Common Mode Failure
by Ian McKinley
In the mid 21st century, common mode failure results from a huge electro-magnetic pulse from the sun, dwarfing anything seen in recorded history. This destroys all unprotected electrical or electronic equipment which, with 70% of the world’s population living in urban areas, effectively removes all services required to support them. Although there is immediate decimation of populations in vulnerable areas, over a longer term the impacts are even greater as urban areas become uninhabitable, the basis for high-tech agriculture and fishing is lost, communication and transport infrastructure vanishes and medical services collapse. This inevitably leads to local breakdown of society, famine and plagues, leading to regional scale conflicts – a true Four Horsemen apocalypse.
The novel focuses in particular on two contrasting situations - a university department located in the Japanese city of Nagoya and the tourist community of Cupecoy in the Caribbean holiday island of Sint Maarten. In both cases, individuals fight to understand what has happened and find solutions to avoid otherwise inevitable collapse into anarchy. This is put in context by vignettes from other locations around the globe.
Initial struggles to survive on a local and regional basis slowly develop into projects to rebuild, with the aim of avoiding the errors of the past. This requires acknowledgement that the over-populated planet cannot be supported by technology that is closer to the early 20th century, so the deaths of billions is unavoidable – made only worse by the impacts of a globally-warmed climate. As if this was not bad enough, those fighting to speed recovery need to fight against others interested only in gaining from the chaos – from the depredations of a new breed of pirates in the Caribbean to attacks on the remaining “nuclear hard” communication system by jingoistic conspirators at the highest level of the US military.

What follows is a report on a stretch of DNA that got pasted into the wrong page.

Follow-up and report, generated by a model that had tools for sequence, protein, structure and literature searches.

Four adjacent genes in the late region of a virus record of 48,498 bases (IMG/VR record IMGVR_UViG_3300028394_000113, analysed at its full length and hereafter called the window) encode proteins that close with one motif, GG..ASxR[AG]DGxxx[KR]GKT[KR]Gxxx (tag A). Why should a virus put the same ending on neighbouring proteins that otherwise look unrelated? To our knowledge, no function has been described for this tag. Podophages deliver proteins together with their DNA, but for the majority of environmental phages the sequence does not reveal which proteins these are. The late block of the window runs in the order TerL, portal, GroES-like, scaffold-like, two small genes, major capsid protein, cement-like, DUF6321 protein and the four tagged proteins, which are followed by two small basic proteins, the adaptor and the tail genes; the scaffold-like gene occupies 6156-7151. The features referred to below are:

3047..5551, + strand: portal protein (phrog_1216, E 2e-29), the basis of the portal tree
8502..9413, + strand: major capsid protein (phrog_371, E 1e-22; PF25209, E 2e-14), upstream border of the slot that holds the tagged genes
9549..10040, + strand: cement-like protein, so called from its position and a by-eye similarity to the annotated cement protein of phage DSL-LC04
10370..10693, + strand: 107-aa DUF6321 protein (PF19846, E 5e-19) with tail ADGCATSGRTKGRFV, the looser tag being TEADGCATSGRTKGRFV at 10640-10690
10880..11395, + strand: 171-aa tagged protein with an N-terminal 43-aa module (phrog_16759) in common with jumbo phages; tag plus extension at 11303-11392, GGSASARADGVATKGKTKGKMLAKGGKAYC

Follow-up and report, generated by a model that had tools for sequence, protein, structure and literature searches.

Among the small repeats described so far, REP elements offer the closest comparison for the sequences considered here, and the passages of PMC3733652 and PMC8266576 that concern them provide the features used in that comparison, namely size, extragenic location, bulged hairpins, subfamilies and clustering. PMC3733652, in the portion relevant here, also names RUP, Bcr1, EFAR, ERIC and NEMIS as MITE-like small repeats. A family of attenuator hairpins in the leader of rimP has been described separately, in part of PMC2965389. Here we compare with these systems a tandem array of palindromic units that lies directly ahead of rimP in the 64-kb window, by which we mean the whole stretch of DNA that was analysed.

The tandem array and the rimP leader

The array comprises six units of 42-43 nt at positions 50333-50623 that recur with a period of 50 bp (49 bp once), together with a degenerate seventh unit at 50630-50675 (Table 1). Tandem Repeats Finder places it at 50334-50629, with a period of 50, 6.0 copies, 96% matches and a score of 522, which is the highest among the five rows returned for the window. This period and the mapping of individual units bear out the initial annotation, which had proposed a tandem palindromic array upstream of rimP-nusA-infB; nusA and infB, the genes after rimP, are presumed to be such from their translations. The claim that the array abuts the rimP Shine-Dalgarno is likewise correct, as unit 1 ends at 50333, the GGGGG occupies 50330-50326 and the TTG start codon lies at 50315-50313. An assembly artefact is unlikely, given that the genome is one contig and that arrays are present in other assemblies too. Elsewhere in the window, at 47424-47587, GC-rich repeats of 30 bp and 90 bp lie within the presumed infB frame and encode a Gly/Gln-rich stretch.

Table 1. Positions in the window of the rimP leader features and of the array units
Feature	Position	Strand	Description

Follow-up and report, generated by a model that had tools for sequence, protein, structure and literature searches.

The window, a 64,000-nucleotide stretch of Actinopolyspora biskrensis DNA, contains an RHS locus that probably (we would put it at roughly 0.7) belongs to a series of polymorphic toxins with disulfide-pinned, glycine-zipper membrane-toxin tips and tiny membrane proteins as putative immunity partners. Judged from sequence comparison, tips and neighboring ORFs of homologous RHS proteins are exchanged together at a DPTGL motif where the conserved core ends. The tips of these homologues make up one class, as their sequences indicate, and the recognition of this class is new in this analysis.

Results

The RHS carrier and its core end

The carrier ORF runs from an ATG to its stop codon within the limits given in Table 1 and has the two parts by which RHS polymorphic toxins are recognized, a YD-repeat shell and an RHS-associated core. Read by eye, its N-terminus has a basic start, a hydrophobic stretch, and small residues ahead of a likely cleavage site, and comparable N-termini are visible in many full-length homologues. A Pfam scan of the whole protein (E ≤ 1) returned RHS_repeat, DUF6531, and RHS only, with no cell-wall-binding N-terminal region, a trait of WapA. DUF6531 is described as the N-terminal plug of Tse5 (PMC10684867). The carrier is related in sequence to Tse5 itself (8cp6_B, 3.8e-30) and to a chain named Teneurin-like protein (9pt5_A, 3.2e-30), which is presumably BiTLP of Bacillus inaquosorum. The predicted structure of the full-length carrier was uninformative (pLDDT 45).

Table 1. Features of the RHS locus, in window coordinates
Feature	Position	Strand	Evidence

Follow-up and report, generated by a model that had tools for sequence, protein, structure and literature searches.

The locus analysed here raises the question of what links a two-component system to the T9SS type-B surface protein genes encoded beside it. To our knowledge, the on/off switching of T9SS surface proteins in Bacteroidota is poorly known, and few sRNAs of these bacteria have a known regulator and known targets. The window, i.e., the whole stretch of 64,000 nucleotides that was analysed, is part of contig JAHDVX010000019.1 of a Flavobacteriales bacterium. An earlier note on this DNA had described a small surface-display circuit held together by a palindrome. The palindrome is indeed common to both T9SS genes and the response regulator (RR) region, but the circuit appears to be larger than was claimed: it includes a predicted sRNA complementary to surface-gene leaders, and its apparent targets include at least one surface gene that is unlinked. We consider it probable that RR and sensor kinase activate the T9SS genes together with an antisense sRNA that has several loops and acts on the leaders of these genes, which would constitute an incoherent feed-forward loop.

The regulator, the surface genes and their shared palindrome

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Hard Science Fiction Near Future Apocalypse
Ian McKinley is a Scot, living in Switzerland and spending much of his time in Japan. A professional scientist and fan of all forms of science fiction in books, comics and movies, he decided at the turn of the century to extend from writing text books and technical papers to the new challenges of fiction. Writing occurs mainly during long vacations spent diving, skiing and exploring exotic locations, which provide inspiration and settings for his books.
He writes novels set in the middle of this century, major social and environmental changes along with rapidly developing technology forming the backdrop for action thrillers written for a mature audience. The characters play a central role, tacitly establishing the cultural changes resulting from increasing sexual permissiveness and growth in the power of mega-corporations at the expense of national governments. As Ian has a wide overview of the most recent developments in science and technology, the future worlds described are credible and, given their generally dystopic nature, maybe worryingly so.